How do we manage an interior like this?
This scene is one I love and admire but would struggle to arrive at so successfully. Placement of objects, in this case, looks random and natural and as if they have been there in their rightful place for eons.
Decorating interiors is never that simple.
Beautifully curated rooms take time and patience and most importantly a great eye. This room may not be your style or even your taste and yet it has a harmony and balance that is enviable. I want to sit right down, examine everything and ask a million questions. It’s an interior that piques my interest and makes me feel engaged.
Could I live with it?
Colour wise yes. Busy-ness no. But, I wish I could.
My interiors are not as relaxed as this and as hard as I try and emulate this wonderful clutter, it’s not in my nature. The key is to learn from the trying; collecting, styling and arranging is as much about trial and error as it is about the end result.
My new collection for THE EMPORIUM launches tomorrow and you have guessed, it is something for our homes. I have had the luxury of playing and playing with these “new” but not new pieces and I have been reminded of the art of arrangement.
How to get our eye in? How do we create our rooms to feel equal part homely and equal part eye candy? I have a few tricks that have always worked for me.
Certain ingredients make a room work and without question these are non-negotiable.
For me, they are books, magazines, flowers, plants, fragrance in the form of candles or incense burners and soft lighting and comfortable furniture. The objects and their placement come after this.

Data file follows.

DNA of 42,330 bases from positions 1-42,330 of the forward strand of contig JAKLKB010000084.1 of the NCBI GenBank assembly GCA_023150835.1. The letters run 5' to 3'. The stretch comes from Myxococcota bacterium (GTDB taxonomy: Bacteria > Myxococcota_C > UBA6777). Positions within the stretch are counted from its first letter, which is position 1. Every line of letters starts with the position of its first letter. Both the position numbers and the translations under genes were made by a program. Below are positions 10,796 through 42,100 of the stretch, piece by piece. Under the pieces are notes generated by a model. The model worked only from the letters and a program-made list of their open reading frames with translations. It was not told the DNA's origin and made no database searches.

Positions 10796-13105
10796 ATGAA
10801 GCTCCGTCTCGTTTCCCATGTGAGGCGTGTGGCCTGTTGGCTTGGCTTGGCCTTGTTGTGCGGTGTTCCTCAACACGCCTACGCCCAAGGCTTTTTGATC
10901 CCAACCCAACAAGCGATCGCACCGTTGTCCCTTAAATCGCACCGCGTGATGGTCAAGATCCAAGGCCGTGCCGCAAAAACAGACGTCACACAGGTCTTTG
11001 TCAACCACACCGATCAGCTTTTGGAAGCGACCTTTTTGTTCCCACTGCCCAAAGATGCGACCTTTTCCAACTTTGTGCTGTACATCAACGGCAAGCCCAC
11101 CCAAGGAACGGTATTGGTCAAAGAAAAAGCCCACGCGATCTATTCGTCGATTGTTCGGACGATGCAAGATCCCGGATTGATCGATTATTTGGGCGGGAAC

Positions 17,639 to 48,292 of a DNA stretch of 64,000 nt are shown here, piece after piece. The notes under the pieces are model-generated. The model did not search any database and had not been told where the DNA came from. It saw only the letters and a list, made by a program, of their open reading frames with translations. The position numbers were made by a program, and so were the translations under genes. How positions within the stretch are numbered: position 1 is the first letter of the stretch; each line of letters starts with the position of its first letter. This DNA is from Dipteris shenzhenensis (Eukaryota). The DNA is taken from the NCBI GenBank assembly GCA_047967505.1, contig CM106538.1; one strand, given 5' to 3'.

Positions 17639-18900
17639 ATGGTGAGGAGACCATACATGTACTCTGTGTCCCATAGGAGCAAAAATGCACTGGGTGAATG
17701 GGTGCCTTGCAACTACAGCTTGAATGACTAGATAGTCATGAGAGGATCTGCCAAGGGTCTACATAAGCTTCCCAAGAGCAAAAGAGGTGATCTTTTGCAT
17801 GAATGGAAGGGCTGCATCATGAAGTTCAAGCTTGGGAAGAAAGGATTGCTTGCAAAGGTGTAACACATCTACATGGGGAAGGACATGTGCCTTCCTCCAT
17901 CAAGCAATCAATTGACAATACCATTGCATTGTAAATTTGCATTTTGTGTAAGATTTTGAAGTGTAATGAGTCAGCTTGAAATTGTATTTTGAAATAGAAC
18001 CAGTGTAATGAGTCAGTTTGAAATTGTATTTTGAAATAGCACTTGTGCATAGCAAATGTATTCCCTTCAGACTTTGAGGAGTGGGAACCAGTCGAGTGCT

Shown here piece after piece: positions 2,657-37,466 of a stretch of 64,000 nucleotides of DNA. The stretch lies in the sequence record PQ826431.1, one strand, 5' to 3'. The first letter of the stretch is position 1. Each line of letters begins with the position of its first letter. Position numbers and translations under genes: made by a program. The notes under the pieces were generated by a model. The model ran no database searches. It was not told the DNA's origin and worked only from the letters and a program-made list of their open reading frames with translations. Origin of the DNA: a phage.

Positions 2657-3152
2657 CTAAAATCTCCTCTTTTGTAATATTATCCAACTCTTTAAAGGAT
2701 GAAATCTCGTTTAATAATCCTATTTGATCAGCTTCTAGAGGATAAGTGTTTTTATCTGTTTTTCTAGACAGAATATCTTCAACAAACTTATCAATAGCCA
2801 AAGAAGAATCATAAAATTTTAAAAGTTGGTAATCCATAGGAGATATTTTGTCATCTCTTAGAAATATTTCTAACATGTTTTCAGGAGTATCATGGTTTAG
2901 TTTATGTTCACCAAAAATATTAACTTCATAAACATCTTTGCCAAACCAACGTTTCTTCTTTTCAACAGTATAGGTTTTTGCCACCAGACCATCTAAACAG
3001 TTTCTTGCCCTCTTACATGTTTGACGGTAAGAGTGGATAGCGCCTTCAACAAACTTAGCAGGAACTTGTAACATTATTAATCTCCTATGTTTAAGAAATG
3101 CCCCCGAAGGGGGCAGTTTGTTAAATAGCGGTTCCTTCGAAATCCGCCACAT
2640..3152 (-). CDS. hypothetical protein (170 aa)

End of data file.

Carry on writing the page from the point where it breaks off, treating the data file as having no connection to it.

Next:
*Find the ingredients that resonate and a wonderful room is about to unfold.
A successful interior is made up of layers.
An interior needs texture and different ones to achieve the individuality it should have. Paint, fabric, flooring and window treatments all attribute to this and so do our objects. Layers can be not only about the texture but also history. Our lives are not static – they morph and change and with this so do our possessions. In our sitting room, new sofas sit alongside chairs bought 20 years ago and other decorative pieces from 30 years old.
*Throw some history in there. Think something old and something new.
This sounds easy but for many, it is not. Once something finds a home it is stuck for the entirety. No, Shake it up, move it and see how small changes can breathe life into a room; it can be totally transformational.
*Don’t be afraid to change something, it can always go back if you make a mistake and who knows it might be the perfect shift.
This is where practice comes in. Object grouping is a skill and one to be learned. Study heights and shapes; work with colours. I start by removing all the objects from my gaze, a blank canvas if you imagine, then I start replacing one by one. I have worked this way for years and it is the only way I ever find the right home for our possessions. Adding something new into the mix can make it all change and mean starting over again. Tiring yes. Rewarding, hugely. Start with small collections and build them out. Buy one, look for another; therein lies the joy. Collecting is not about extravagance but about the choice, the search and the placement. Think about how naturally collecting comes to small children and how wonderfully they arrange their treasures.
*Play, play and play some more.
This time tomorrow I will be showing you No 2 fromTHE EMPORIUM – it is a small collection – and I’m excited to tell you their story.
Meet me back here? xv
images, ngoc minh ngo, house & garden